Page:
A group of marine scientists and Google experts have paired together to create a first of its kind map revealing that commercial fishing now covers 55 percent of Earth’s waters.
Four times the total area devoted to terrestrial agriculture, the findings of total ocean used for industrial fishing reinforces how unsustainable the current fishing practices are.
The map was generated by using fishing boat movements from satellite navigation records. The study, published in Science, analyzed 22 billion automated identification system (AIS) messages from more Ethan 70,000 fishing vessels sent between 2012 and 2016. AIS automatically tracks a ships position, speed, and heading every few seconds and was designed to assist in avoiding collisions.
The results revealed that areas off of Europe, South America, East Asia, The Pacific Northwest, and Africa are the most heavily fished regions in the world.
As well, large regions of open ocean were home to a high amount of fishing. Ships from China, Spain, Taiwan, Japan, and South Korea dominated 85 percent of the fishing in open seas.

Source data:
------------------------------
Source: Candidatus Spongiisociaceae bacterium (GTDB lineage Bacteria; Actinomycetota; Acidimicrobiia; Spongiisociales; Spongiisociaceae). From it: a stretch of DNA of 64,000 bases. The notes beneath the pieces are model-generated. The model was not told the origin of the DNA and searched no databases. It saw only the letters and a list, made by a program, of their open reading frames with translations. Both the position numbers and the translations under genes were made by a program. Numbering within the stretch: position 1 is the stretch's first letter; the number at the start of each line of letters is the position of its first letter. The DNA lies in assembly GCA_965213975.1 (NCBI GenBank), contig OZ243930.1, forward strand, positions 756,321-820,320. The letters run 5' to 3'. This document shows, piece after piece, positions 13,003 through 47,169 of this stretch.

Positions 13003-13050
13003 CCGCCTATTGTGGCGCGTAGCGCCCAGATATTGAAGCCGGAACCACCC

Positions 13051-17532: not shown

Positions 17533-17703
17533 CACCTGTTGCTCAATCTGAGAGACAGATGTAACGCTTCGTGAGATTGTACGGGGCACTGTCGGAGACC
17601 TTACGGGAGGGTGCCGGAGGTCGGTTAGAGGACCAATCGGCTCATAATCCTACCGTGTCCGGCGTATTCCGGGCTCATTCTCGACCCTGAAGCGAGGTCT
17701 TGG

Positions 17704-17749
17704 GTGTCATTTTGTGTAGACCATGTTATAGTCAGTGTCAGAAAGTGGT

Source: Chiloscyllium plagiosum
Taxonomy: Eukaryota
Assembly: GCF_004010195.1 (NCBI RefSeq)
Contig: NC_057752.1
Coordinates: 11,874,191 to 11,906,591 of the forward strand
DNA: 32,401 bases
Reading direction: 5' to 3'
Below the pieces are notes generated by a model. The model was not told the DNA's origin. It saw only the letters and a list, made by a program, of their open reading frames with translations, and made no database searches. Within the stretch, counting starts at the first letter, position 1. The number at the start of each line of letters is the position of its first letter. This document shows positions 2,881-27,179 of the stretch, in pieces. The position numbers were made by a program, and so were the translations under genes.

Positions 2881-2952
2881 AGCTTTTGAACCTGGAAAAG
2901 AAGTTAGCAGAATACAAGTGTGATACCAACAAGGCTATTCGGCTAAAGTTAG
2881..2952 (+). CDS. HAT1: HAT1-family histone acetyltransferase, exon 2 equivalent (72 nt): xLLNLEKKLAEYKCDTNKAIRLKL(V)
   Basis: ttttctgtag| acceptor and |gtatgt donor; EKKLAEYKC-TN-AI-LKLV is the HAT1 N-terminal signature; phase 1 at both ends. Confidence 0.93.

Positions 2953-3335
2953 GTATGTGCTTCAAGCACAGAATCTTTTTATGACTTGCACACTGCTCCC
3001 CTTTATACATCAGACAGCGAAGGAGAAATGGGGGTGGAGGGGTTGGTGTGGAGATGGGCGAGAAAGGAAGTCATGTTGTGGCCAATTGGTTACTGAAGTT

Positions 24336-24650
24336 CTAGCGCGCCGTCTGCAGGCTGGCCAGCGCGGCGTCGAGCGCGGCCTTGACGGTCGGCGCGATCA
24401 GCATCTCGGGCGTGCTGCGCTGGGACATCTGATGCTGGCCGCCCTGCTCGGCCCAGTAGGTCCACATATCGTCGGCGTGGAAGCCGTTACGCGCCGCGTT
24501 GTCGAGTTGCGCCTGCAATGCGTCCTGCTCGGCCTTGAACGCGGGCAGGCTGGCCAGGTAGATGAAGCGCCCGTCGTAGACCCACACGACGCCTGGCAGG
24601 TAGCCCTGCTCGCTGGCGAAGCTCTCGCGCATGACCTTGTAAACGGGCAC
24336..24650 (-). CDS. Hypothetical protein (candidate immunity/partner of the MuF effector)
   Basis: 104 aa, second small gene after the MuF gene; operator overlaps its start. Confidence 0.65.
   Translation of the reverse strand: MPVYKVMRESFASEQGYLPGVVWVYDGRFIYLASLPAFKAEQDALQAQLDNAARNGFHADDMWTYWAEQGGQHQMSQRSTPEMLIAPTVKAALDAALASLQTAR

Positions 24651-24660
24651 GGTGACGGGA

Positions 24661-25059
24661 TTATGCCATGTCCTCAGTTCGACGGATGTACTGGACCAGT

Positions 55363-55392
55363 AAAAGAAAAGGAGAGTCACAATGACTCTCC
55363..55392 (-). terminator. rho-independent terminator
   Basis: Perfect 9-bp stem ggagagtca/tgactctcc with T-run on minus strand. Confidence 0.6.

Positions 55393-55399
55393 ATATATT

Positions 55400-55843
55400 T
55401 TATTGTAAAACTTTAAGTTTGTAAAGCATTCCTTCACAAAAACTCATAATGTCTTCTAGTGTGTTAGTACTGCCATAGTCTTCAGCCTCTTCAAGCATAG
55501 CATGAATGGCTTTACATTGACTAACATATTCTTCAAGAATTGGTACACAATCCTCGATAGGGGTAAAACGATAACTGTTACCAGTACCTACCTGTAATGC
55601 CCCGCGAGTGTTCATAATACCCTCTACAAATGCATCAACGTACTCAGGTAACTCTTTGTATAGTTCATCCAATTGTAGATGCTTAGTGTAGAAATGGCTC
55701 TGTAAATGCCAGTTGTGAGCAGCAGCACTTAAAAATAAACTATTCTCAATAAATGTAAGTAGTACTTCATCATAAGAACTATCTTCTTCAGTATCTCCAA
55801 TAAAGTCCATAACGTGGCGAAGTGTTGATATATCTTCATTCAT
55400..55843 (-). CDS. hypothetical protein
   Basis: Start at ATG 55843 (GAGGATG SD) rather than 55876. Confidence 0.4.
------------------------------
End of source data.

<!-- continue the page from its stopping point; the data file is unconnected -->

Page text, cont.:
Surprising to the researchers data revealed that some areas in the open ocean have no significant fishing activity. The author of the paper believe that there is the potential that poor AIS connection may have resulted in the anomalies of fishing-free areas.
Given that belief, the researchers gathered information from nearby regions that do have satellite coverage and estimated that the real extent of industrial fishing actually covers 73 percent of the ocean.
As discouraging as that number may be, the actual coverage is lower than the previously estimated total of 95 percent. The belief is that growing marine sanctuaries have brought down the total amount of fishing coverage, allowing fish stocks to recover and offering them places to flourish.
The study is extremely important in determining which areas of the world’s oceans are being targeted for fishing and which areas are being unaffected. With this study, researchers can help propose sustainable fishing methods and help identify areas that are important to building up fish stocks to ensure healthy populations into the future.